Excess heat in HVAC systems can cause downtime, equipment damage, inefficiency, and, consequently, lower profit margins. Industrial chillers help keep HVAC systems running smoothly and buildings cool. With chillers, you can remove exchange heat and keep the process at optimum performance, even when temperatures are high.
That’s why chillers have become a necessity in many industries. They play an important role in the pharmaceutical plants, breweries, hotels as well as meat and poultry processing. Being an integral part of any HVAC system, they provide clean and fresh air to hospitals, keep machines running consistently, and help deep freeze food products until it goes to markets.
So if you’re looking for a chiller for your business, the first thing you’ll need to decide is whether your system is compatible with an air-cooled chiller or a water-cooled chiller. They both have their advantages and disadvantages. Hence, your selection between the two will depend on the needs of your operation including the area, power consumption, local regulations limiting power and water use, or sustainability priorities.
To assist in your research, we have noted down everything you need to know about the air-cooled and water-cooled chillers.
Used in both commercial and personal facilities, Air-cooled chillers cool fluids, exchange heat and dehumidify the air. They actively absorb heat from the processed water and then transfer this heat into the air around the chiller unit.
In this process, heat is absorbed from the chilled water circulating through the evaporator. Then, the compressor pumps the refrigerant vapour to the condenser, thus increasing temperature and pressure. To complete the cycle, the refrigerant flows over the chilled water coils and absorbs more heat.
Air-cooled chillers were mostly popular in areas where additional heat discharge is not an issue but instead works as a benefit. They are also compact and highly efficient heat exchangers, which make them ideal for supplemental, temporary applications. But now they are in a wide variety of settings including hotels, corporate events, restaurants, large-scale construction, industrial and manufacturing plants, etc.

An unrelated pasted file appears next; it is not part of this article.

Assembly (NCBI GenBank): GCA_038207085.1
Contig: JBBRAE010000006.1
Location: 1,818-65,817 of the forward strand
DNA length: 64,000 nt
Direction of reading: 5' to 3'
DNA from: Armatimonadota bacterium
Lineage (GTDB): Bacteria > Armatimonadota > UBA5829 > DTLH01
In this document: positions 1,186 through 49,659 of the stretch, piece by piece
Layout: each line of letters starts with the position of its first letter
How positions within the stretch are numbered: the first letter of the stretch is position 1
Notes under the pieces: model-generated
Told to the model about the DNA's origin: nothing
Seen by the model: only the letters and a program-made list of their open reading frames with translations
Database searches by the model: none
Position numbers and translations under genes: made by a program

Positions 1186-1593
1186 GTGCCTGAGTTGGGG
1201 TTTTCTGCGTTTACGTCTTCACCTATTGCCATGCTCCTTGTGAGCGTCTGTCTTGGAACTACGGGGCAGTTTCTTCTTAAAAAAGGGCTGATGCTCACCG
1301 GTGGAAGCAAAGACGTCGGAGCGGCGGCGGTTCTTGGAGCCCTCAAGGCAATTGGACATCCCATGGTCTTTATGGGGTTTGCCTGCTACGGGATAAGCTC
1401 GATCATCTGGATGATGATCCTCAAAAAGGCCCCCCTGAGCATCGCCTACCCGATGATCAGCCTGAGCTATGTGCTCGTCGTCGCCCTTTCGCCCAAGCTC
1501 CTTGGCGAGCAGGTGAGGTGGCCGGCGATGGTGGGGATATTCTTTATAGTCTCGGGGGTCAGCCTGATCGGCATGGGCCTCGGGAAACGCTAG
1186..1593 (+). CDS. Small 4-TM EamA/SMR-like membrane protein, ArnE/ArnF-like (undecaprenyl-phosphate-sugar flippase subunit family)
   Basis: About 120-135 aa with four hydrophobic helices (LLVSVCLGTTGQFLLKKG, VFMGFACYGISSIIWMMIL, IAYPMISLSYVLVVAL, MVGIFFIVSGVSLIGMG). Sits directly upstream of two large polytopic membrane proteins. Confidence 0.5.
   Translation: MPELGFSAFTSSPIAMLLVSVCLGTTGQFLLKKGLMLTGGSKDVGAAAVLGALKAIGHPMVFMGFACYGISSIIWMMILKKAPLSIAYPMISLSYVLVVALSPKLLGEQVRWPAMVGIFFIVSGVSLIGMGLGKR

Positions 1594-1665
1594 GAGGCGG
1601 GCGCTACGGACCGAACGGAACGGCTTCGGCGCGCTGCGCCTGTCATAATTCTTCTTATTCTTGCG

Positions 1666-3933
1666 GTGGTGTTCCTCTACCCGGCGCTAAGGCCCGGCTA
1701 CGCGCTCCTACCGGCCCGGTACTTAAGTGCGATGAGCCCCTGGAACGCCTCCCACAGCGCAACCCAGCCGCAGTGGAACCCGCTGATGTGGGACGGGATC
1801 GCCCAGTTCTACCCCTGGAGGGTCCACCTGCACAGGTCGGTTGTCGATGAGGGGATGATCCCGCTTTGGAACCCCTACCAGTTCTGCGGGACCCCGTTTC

Used for large installations, water-cooled chillers are connected with a cooling tower and use a water-cooled condenser to remove excess heat. They use recirculating water from a cooling tower to condense the refrigerant. This water absorbs heat from the process and the heated water returns to the chiller.
The processed water works as a medium for heat transfers which is why water-cooled chillers can often operate more efficiently than an air-cooled chiller. They ensure more consistent performance because of the relative independence to fluctuations of the ambient temperature. Even if water-cooled chillers are more efficient than air-cooled chillers, this is only true if you look exclusively at heat exchange.
Let’s take a closer look at the other variables to consider before you make a choice between air-cooled and water-cooled chillers:
Performance: Air-cooled chillers are typically available in compact sizes, ranging from 7.5 to 500 tons. Due to their small size and output, air-cooled towers work only for small areas and facilities. Water-cooled chillers are available from 10 to 4,000 tons with output performance ranging from 35 kW to 14,000 kW. So before choosing your cooling tower, make sure to check for the surface area that needs to be cooled.
Maintenance: Air-cooled chillers do not require cooling towers to operate because they use air to remove excess heat. Water-cooled chillers require cooling towers, which increases maintenance demands such as water treatment, tube cleaning, and tower mechanical maintenance.
To overcome these challenges, systems operators use automated water treatment solutions such as SBR, which prevents fouling, biofouling, reduces downtime, cuts maintenance costs and saves water. While air-cooled towers are easier to maintain, water-cooled chillers are more sustainable and deliver higher cooling capacity with fewer units and a smaller footprint.
Durability: Air-cooled chillers are mostly outdoors and operate at higher condenser pressure while Water-cooled chillers are typically installed indoors. They are less prone to damage and operate at lower condenser fluid pressure. However, they still have a shorter lifespan of 15 to 20 years. But with innovative technology solutions like SBR water treatment and ACCS condenser cleaning system, water-cooled chillers last up to 30 years.
While cost & sustainability remains a priority in choosing any powered equipment, the above factors have to be considered too. While the water-cooled chillers are more energy-efficient, air-cooled chillers have a lower maintenance cost and several other aspects.
Yet, the best choice for the project depends on the decisions criteria that are set by you. So take all factors into consideration to make sure the chiller that ultimately gets specified balances all the objectives over the long term.